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Web analysis | Coal India: A victory sans the spoils

While the company has been able to extract a near-zero penalty in the new fuel supply pact, the power sector firms aren't willing to sign

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’s victory of reducing its penalty to near zero seem to be short-lived. As had been expected by the market, power producers, including public sector giant have refused to sign the new with Coal India. This news is expected to affect power sector companies more than it will affect Coal India.

The reason power companies are refusing to sign the agreement is because they feel it is biased and absolves Coal India from all obligations. NTPC chairman and managing director Arup Roy Choudhury has been quoted by The Economic Times saying “We will not sign the new fuel supply agreement in the present form because it does not provide much in terms of coal supply commitment.”

After refusing to agree to sit on the negotiation table, Coal India was issued a Presidential directive to issue Fuel Supply Agreements with power companies. Coal India managed to bargain a low penalty clause, thanks largely to the stand taken by independent directors and shareholder activism led by The Children Investment Fund.

According to the new pact, Coal India will be liable to pay a penalty of 0.01%, that too after three years if it fails to supply the fuel. The contract also gives discretion to the supplier to terminate an agreement unilaterally. This clause itself is enough to scare away the power producers as it creates uncertainty over the tenure of the agreement.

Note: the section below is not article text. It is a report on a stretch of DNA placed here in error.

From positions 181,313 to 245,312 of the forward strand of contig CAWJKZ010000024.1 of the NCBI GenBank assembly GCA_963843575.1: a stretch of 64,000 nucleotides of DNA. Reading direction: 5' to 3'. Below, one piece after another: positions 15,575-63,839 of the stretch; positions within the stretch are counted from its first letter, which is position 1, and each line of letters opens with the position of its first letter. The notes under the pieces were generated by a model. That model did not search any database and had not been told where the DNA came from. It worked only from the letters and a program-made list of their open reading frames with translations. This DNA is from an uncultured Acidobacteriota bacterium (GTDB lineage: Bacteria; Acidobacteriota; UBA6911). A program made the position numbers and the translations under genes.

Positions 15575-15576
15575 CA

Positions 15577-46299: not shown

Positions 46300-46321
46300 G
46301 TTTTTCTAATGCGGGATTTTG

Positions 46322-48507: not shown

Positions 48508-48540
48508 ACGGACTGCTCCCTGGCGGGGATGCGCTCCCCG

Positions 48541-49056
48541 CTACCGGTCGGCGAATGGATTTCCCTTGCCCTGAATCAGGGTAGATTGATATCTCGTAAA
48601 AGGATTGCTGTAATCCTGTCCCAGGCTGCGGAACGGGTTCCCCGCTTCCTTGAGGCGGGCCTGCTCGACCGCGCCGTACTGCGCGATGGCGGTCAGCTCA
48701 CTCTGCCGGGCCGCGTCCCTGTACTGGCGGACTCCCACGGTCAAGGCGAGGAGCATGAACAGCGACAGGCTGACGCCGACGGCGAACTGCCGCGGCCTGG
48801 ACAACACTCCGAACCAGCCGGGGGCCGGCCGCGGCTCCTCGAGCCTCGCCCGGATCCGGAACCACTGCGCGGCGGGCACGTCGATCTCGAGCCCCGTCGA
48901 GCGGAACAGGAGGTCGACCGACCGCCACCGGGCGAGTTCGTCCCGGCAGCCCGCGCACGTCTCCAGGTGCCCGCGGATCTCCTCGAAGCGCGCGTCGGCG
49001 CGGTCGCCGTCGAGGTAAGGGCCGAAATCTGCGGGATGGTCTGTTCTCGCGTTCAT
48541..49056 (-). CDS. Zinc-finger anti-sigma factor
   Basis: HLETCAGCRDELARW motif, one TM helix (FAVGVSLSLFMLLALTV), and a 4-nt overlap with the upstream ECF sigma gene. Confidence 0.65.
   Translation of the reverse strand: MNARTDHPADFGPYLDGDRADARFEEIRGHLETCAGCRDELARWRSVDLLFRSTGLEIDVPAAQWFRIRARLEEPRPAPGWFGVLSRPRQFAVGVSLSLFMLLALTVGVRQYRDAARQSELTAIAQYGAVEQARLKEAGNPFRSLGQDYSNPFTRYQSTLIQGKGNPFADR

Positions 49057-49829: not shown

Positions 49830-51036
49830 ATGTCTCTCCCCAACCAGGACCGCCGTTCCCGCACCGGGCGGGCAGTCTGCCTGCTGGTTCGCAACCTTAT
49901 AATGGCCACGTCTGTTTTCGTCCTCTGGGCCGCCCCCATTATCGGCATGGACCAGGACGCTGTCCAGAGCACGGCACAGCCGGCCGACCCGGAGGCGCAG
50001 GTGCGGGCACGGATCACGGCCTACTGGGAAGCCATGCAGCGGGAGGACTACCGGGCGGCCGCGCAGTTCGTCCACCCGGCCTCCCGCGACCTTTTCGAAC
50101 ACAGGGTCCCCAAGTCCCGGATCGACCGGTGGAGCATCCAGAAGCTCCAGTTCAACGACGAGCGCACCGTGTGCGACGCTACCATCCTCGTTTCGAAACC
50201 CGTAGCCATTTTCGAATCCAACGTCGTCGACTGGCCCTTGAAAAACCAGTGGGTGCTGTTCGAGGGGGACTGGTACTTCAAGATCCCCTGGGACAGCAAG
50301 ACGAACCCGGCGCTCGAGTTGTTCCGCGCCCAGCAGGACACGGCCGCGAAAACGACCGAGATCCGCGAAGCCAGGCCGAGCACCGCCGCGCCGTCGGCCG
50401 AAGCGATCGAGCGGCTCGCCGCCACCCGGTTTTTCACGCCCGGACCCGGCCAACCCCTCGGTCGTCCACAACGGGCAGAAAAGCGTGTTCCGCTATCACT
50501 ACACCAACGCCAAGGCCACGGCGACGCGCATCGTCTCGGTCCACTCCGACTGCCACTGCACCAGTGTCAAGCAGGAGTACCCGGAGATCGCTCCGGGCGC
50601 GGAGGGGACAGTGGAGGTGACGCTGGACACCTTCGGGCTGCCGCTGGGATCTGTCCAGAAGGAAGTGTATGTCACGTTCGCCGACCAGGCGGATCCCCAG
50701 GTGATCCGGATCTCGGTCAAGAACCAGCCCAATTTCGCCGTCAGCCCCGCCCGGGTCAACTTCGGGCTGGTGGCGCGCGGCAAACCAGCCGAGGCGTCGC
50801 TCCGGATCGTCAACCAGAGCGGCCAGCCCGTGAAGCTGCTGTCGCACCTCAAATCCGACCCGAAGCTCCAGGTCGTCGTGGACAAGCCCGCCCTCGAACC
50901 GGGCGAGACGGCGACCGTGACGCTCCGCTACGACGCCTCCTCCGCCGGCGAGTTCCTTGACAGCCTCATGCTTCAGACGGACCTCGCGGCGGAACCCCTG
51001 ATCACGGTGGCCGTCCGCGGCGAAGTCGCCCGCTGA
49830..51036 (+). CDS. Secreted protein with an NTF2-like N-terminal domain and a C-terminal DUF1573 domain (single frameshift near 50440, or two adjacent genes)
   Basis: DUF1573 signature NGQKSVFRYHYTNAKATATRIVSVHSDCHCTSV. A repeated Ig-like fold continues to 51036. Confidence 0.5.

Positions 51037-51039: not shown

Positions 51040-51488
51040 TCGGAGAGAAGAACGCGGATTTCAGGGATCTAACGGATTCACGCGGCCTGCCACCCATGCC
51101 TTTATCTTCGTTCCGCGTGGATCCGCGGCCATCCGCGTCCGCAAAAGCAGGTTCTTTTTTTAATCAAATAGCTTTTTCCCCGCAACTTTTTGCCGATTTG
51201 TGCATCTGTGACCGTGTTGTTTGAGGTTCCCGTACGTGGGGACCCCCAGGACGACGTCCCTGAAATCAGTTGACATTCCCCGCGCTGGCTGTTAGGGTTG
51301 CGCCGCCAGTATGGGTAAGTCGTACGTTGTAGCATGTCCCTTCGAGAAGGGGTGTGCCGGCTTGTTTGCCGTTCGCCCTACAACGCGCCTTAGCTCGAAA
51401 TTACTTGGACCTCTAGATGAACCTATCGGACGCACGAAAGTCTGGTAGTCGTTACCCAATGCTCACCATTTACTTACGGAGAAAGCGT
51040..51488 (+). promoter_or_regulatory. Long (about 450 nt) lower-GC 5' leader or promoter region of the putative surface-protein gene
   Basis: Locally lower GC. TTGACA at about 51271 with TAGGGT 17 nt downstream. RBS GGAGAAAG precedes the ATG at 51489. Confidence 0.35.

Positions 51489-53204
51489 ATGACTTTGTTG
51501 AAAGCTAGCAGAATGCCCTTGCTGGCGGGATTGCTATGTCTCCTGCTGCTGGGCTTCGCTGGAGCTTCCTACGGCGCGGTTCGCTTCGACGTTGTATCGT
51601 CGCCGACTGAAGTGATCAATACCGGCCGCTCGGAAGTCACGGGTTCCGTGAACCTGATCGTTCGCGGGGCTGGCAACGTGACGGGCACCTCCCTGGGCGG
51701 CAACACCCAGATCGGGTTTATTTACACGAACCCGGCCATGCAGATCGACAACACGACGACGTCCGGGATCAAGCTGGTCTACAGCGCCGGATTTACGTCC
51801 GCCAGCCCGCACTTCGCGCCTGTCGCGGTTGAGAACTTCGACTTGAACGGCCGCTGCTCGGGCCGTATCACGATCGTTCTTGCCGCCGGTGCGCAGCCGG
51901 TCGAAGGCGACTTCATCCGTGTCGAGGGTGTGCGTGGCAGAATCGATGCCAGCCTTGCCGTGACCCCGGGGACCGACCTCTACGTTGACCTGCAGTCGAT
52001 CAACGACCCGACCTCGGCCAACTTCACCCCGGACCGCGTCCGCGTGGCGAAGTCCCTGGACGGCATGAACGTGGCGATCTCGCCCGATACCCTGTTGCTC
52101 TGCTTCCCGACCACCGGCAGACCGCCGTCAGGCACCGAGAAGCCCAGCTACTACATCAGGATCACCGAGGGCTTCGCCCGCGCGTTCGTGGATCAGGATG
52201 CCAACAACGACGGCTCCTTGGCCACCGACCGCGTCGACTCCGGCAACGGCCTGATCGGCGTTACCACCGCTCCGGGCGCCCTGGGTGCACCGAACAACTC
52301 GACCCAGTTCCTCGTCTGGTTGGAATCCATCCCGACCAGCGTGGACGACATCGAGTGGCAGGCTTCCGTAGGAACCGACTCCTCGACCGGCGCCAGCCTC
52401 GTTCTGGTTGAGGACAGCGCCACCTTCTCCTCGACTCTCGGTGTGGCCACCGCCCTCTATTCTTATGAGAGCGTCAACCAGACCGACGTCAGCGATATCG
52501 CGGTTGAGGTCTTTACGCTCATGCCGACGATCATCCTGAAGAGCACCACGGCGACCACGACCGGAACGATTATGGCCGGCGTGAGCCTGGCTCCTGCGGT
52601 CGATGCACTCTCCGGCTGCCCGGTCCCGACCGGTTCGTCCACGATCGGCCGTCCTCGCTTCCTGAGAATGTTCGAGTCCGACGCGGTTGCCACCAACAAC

Earlier Coal India had said that, if they had to import coal to feed the power producers it will be passing on the differential between the price at which they sell in the domestic markets and international market to the power producers.

According to a report in the Financial Express, Association of Power Producers has said that the increase in price of coal due to imports would need to spread over the entire quantity of domestic production to keep power cost manageable. In other words, power companies are not willing to buy coal at imported price, but need it subsidised by passing on the higher price to all domestic consumers.

It is this subsidised price which seems to be stalling the entire process, as agreement for coal at international prices could have been signed by the association of power producers themselves. Commenting on NTPC’s refusal to sign the fuel supply agreement DNA quotes the newly appointed chairman of Coal India as saying that “The main issue is they are not agreeing to accept the gross calorific value (GCV) formula and want to go back to old useful heat value (UHV)”

Price thus seems to be the main issue, penalty clauses are just a negotiation tool being by the power producers.

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